Although looking back, there were many symptoms that I
had even from childhood, it was not until October 31,
2001 that I thought for the first time that there was
something "wrong" with me. It was on that day when my
husband and I were at a dinner theater celebrating our
dual October birthdays. During the performance, out
of the blue, I had a sudden and intense "episode" that
lasted for only a few minutes. I had a sudden rush of
pressure to my head and felt like my head would burst
and/or I would just pass out or fade away. I stood up
quickly and excused myself to the ladies room. I
didn't want to ruin our night out. We even had a room
at our favorite motel suite and the kids were at their
grandparents for the night. So, I went outside,
breathed in cool air and revived and felt OK. But I
was pretty shaken.
I contacted my PCP on Monday who ordered a cranial
MRI. He said it was normal. Then he ordered a CTSCAN
of my head, stress test and echocardiogram from my
heart, and EEG and EKG. Everything came back
perfectly normal as per my doctor.
The frequency of my "episodes" increased, and without
any warning, I would have moments when I thought I was
either dying or going to pass out. One time was so
severe that occurred when I was getting our 3 small
sons ready for school that I grabbed a crayon (the
only thing I could find at the time) and wrote on a
note and put on the table "Meet me in Heaven". I
really thought I was dying. In the meantime, my spine
and shoulders and back ached so badly, I could hardly
stand it. I would have sharp, stabbing pains in my
spine that felt like someone stuck a hot knife between
my shoulder blades and twisted it. I also had
frequent dreadful stiff necks.
My local doctor, who has really been great throughout
this trying to figure out what was wrong, sent me to
the local neurologist. Well, he diagnosed me with low
sugar and possible anemia. But he was very
non-communicative, and left me with no help or
suggestions other than to buy a skin prick and check
my blood sugar several times daily. (I still have it;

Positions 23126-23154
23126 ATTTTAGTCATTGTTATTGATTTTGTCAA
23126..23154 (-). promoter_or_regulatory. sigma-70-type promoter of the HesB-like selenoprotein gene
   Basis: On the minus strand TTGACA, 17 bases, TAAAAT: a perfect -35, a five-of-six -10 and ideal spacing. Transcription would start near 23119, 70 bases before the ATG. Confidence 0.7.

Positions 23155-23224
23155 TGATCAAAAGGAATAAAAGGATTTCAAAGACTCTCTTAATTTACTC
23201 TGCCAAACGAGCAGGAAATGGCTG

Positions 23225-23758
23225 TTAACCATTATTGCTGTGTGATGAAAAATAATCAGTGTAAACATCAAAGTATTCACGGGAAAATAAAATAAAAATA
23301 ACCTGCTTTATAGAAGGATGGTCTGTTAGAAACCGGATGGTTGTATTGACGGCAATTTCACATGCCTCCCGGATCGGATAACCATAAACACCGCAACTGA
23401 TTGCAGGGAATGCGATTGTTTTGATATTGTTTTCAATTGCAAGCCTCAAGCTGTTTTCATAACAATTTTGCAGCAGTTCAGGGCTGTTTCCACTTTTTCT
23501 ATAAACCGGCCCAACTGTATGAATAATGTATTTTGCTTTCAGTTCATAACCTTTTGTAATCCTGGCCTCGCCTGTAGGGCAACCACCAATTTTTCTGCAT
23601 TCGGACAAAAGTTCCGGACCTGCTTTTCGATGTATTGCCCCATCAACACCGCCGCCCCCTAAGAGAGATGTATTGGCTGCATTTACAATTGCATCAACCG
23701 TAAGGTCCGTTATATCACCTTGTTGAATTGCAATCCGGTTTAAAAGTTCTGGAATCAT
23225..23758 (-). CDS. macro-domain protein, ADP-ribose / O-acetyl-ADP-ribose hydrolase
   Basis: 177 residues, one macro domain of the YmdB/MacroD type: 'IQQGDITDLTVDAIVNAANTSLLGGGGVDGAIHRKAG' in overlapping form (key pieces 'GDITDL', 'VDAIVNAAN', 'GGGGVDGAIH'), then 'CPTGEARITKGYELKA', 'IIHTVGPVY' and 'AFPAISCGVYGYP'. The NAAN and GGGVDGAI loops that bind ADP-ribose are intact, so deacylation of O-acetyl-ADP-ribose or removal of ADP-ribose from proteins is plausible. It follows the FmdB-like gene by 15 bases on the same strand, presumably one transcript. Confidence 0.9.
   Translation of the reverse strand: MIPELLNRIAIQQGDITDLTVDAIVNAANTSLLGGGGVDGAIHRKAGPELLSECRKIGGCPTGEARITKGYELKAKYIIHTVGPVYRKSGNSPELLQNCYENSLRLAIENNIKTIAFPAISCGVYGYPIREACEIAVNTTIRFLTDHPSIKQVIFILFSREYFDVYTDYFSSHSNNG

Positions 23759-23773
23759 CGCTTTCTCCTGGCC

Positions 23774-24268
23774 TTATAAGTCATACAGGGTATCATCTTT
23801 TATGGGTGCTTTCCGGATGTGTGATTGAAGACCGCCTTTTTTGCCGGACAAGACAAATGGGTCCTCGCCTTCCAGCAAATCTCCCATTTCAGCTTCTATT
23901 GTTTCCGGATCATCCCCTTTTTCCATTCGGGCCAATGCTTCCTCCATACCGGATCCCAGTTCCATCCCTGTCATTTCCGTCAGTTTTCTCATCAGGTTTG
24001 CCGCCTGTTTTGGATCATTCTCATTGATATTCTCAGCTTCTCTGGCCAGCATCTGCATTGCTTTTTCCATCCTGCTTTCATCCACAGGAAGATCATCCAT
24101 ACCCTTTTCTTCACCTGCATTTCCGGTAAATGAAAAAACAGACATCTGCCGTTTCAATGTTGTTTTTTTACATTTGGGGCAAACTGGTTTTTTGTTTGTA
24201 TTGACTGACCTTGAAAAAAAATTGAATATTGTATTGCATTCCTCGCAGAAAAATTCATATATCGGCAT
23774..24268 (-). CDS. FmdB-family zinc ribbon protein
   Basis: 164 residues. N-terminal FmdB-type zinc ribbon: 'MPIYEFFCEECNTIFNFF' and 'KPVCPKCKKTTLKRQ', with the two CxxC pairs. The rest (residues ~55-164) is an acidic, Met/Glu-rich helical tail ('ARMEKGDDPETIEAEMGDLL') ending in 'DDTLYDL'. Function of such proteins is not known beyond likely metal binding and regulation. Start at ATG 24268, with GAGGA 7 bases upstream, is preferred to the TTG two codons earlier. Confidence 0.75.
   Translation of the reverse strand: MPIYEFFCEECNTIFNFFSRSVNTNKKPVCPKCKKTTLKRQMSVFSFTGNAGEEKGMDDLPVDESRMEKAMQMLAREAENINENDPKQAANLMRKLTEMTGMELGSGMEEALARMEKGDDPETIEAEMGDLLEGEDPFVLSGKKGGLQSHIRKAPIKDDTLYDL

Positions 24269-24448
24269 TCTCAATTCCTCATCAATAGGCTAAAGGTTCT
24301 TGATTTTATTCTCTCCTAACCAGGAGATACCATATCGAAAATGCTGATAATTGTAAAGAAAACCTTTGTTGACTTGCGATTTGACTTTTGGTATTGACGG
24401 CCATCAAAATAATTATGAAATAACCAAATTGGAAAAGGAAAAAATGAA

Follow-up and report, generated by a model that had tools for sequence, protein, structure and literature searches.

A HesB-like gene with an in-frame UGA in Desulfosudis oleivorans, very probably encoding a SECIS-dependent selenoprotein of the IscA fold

maybe I should try to sell it on EBay)
In my quest for help, I went to a neurologist in the
next larger town who diagnosed me with silent
migraines and thoracic outlet syndrome. I also went to
several chiropractors. One gave me some weird
supplement which almost killed me by truly making me
faint. (To this day I cannot remember what it was
because I threw it in the trash can) Another almost
killed me by cracking my neck several times because he
said it was out of line with my back. Oh dear.
After 2 months of no answers, I kept getting worse and
worse. One day I was in such terrible pain, that we
decided I needed real help. My husband stayed home
with our 3 small sons and my sister drove me to a very
prestigious and well known hospital center in
Baltimore, MD. I was seen by a resident neurologist
who had my case reviewed by their chief neurologist.
After new MRI's of my head, entire spine, spinal tap,
and other tests, they concluded that I either had
lurking MS (even though the spinal tap clearly ruled
that out), or that I "needed to go home and see if I
had hidden stress in my marriage". (At that point, I
started to choke the neurologist who instantly
affirmed his stress diagnosis. NO, JUST KIDDING) Oh
yes, he also said I had a high inflammation factor in
my blood, but they had no idea what that meant.
So by the end of February 2002, I continued to decline
in health, had many scary "episodes", could hardly
remember how to drive home, couldn't remember my kid's
teacher's names, and was in terrible pain almost
constantly. I didn't know it at the time, but my
husband was becoming concerned about leaving me alone
with the kids.
But I have to interject something at this point. I
cannot even begin to tell my story without telling you
the most important aspect of all throughout my entire
That is the help and comfort that I received from God
and the various healing touches along the way from